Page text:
The talk then focused on discussing rituximab as first-line treatment for FL, drawing upon much research which resulted in very high Response Rates (RR).

Duration of response is proportional to the duration of treatment

Professor Ghielmini discussed results from two different trials: SAKK 37/98 by Martinelli et al. who published in the Journal of Clinical Oncology in 2010, and the SAKK 35/03 trial by Taverna et al. who also published their findings in the Journal of Clinical Oncology but this year. Martinelli et al. found that at, median follow-up of 9.5 years, the median EFS in the observation arm compared to the prolonged exposure of single-agent rituximab arm was 13 months versus 24 months (P < .001). 5% of patients in the observation arm had no events at 8 years, compared to 27% of prolonged exposure arm. In untreated patients who responded to rituximab induction, 45% had no events at 8 years. This group concluded that a high number of patients experience long-term remission after prolonged exposure to rituximab, especially if no prior treatment had been given and they responded to induction with rituximab. Taverna et al. compared short-term and long-term rituximab maintenance in patients with FL. The SAKK 35/03 trial found that median PFS was 7.4 years (95% CI, 5.1 to not available) in the long-term arm, compared to 3.5 years (95% CI, 2.1 to 5.9) in the short-term arm (log-rank test, P = .04). Taverna et al.conclude that long-term maintenance with rituximab does not improve EFS or OS and was associated with increased toxicity, but does significantly lengthen PFS.

Stop and go is more cost-effective

Hainsworth et al. published the findings of their phase II randomized trial in the Journal of Clinical Oncology in 2005, which aimed to compare the benefit of maintenance rituximab versus rituximab re-treatment at progression in patients with previously treated indolent NHL. It was reported that PFS in the maintenance group was 31.3 months compared to 27.4 months in the re-treatment group. Both treatment approaches were well tolerated, but more maintenance patients remain in continuous remission. Kahl et al. conducted theE4402 (RESORT) trial, a randomized trial designed to compare rituximab maintenance and rituximab re-treatment in patients with low-tumor burden FL. After a median follow-up of 4.5 years, the estimated mean time to treatment failure was 3.9 years and 4.3 years in patients receiving rituximab re-treatment and maintenance, respectively (P = .54).  Three-year freedom from cytotoxic therapy in the re-treatment and maintenance groups was 84% and 95%, respectively (P = .03). The median number of rituximab doses was 4 for re-treatment patients and 18 for maintenance patients. The group concluded that re-treatment uses less rituximab doses while providing a similar disease control that maintenance therapy achieves.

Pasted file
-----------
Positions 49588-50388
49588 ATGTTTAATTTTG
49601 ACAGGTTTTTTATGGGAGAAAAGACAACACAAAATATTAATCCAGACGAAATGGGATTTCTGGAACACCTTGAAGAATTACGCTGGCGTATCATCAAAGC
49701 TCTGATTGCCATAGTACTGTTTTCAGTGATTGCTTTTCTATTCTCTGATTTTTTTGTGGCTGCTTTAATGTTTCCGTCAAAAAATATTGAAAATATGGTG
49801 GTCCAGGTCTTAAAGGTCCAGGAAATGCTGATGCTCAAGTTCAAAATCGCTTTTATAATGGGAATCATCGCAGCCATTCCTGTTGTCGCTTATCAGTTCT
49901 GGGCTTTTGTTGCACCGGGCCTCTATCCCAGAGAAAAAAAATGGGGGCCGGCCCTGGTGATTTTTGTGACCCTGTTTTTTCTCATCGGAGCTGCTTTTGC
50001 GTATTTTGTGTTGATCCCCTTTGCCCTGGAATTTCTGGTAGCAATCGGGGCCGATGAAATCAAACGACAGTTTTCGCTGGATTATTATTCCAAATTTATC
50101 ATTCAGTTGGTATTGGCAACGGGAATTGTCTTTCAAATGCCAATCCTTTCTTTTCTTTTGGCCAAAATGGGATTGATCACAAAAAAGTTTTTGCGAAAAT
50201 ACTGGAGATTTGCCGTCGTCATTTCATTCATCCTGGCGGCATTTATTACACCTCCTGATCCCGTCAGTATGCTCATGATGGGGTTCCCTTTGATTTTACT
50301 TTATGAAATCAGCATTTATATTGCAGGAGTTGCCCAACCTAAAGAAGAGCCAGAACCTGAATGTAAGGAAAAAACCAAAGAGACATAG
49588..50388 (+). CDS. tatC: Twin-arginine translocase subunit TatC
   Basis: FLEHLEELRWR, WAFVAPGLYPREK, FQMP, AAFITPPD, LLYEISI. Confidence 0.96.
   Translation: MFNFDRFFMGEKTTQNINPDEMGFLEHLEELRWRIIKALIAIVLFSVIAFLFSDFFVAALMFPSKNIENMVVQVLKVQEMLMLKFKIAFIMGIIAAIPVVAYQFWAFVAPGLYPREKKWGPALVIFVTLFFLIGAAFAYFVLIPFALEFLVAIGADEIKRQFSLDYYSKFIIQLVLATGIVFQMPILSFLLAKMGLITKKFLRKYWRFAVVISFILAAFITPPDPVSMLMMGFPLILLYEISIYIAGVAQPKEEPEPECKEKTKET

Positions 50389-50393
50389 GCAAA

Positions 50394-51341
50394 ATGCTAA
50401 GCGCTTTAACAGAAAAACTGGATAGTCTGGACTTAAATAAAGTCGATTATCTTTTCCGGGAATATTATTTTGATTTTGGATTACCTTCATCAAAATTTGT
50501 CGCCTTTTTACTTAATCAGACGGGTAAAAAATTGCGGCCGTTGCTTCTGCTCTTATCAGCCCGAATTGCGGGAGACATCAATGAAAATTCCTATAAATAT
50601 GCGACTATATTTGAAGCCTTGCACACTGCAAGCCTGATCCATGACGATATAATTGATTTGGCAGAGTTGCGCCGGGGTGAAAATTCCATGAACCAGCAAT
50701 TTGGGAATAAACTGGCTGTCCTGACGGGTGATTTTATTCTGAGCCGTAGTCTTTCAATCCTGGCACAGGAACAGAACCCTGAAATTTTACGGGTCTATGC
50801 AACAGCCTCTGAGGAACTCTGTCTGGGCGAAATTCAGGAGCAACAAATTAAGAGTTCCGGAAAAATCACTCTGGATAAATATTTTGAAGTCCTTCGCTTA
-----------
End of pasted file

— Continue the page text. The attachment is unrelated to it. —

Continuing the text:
Is R2 as active as R-chemo?

Professor Ghielmini noted that rituximab in combination with lenalidomide (R2) has achieved high RR and CR rates in trials performed byMDACC and CALGB. However, is this combination as active as rituximab chemotherapy?

Abstract 799 from ASH 2014, by Kimby et al., was then discussed which included primary endpoint analysis of the randomized phase II trial SAKK 35/10. It was found that the CR/CRu rate was significantly higher in patients receiving R2 than patients just receiving rituximab. This was seen in both the ITT (CR/CRu rate, 36% vs 25%, respectively; P = 0.056) and the per-protocol population (CR/CRu rate, 42% vs 28%, respectively; P = 0.049). However, the group advise that further follow-up is required to observe if the improved response actually translates into increasing time to next treatment and better PFS and OS rates.

Obinutuzumab versus rituximab with maintenance in relapsed iNHL: the GAUSS study

The talk then sought to answer the question of: are new anti-CD20 therapies any better? Professor Ghielmini began answering this by discussing findings which Sehn et al. published in the Journal of Clinical Oncology in 2015, which concluded that treatment of patients with relapsed CD20+ indolent B-cell NHL with obinutuzumab (GA101) results in a higher ORR.